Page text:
The Committee on Climate Change, official advisors to the UK and Scottish governments, produced a report on future energy, which included some new nuclear power stations. This takes its lead from promises already made by the UK Government but contradicts the new energy strategy from the Scottish Government.
The committee sees today’s 5GW of nuclear capacity – about the size of Scotland’s peak demand for electricity on a cold winter’s day – increasing to 10GW by 2035. But all of the five currently operating nuclear plants will be closed by or in 2035, including Scotland’s only power reactors at Torness, due to close in 2028 – if they can keep the cracks in the core at bay that long. In fact, from sometime in 2028 the only existing station still expected to be running is Sizewell B, supposed to be producing just over 1GW until it shuts in 2035.
So 10GW of capacity in 2035 needs to come from new reactors. Of course, Hinkley C is under construction. But it is ten years late and double the budget agreed as recently as 2016. It is now expected to begin generating electricity in mid-2027, although recent rumours suggested that discussions between the operator EDF and the UK Government considered a start date as late as 2036. If Hinkley Point C is ever finished and actually works, it is supposed to produce just over 3GW of very expensive electricity.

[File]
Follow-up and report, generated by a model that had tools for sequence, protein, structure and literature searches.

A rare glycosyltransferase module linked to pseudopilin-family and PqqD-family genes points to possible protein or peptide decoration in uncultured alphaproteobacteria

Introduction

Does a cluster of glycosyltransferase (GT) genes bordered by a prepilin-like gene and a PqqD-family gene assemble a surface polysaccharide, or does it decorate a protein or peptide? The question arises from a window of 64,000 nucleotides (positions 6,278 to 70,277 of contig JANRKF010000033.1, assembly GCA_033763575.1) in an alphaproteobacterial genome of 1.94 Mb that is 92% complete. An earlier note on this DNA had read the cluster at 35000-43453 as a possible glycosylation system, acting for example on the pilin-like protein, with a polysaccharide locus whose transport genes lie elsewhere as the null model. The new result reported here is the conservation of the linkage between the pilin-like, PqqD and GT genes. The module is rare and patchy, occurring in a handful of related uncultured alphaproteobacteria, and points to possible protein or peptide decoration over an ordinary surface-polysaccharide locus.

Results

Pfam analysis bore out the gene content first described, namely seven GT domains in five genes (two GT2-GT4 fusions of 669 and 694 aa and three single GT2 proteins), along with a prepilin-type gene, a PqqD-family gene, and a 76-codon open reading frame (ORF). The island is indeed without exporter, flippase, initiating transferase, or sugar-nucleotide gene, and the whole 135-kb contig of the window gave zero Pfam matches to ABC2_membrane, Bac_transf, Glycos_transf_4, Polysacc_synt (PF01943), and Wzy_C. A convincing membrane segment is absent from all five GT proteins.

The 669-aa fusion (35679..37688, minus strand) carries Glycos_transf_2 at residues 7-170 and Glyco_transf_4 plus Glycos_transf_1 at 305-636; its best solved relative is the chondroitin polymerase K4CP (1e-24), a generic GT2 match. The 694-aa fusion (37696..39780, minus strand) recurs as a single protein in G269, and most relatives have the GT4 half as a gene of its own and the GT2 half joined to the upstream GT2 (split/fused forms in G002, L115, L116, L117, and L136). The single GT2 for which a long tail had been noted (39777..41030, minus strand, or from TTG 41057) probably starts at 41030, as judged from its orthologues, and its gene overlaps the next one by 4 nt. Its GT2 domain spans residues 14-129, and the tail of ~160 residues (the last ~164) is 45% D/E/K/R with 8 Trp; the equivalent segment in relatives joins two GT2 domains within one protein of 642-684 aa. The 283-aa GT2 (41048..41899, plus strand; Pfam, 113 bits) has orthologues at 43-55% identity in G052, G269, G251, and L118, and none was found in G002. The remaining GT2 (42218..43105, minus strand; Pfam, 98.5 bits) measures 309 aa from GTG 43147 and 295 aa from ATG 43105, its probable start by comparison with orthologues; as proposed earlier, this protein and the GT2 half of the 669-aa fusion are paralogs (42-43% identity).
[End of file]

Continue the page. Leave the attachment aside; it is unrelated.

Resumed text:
The UK Government recently committed to try to get the Sizewell C station built (on a coastal flood plain). Academics predict it will take 15-17 years to build, so it would not be producing its 3GW of electricity until 2039 at the earliest. The only two other reactors being built in Europe, in France and Finland, are 12 and 13 years late.
With the old stations all closed, Sizewell C probably not running until the 2040s, Hinkley Point C producing 3GW and little interest in other sites around the UK it is very hard to see how the Committee on Climate Change’s 10GW by 2035 could possibly happen. To be fair, they do describe this target as “a very significant undertaking”.
The committee also suggests that costs will fall for reactors built after Hinkley Point C. This has always been the claim by the nuclear industry but somehow it is never the reality. To help this all along, Chancellor Jeremy Hunt yesterday announced nuclear is to be reclassified as “environmentally sustainable” – even though it is the ultimate unsustainable form of energy.
The Committee on Climate Change foresees 10GW of nuclear power that cannot possibly be in place by 2035. Yet they also want wind power capacity to reach 75GW and solar capacity to be at 65GW by the same date. Just trying hard on using energy more efficiently and going faster on a range of renewable would mean we would not have to bet on an industry that repeatedly fails to deliver, nor worry about creating yet more radioactive waste.
Dr Richard Dixon is an environmental campaigner and consultant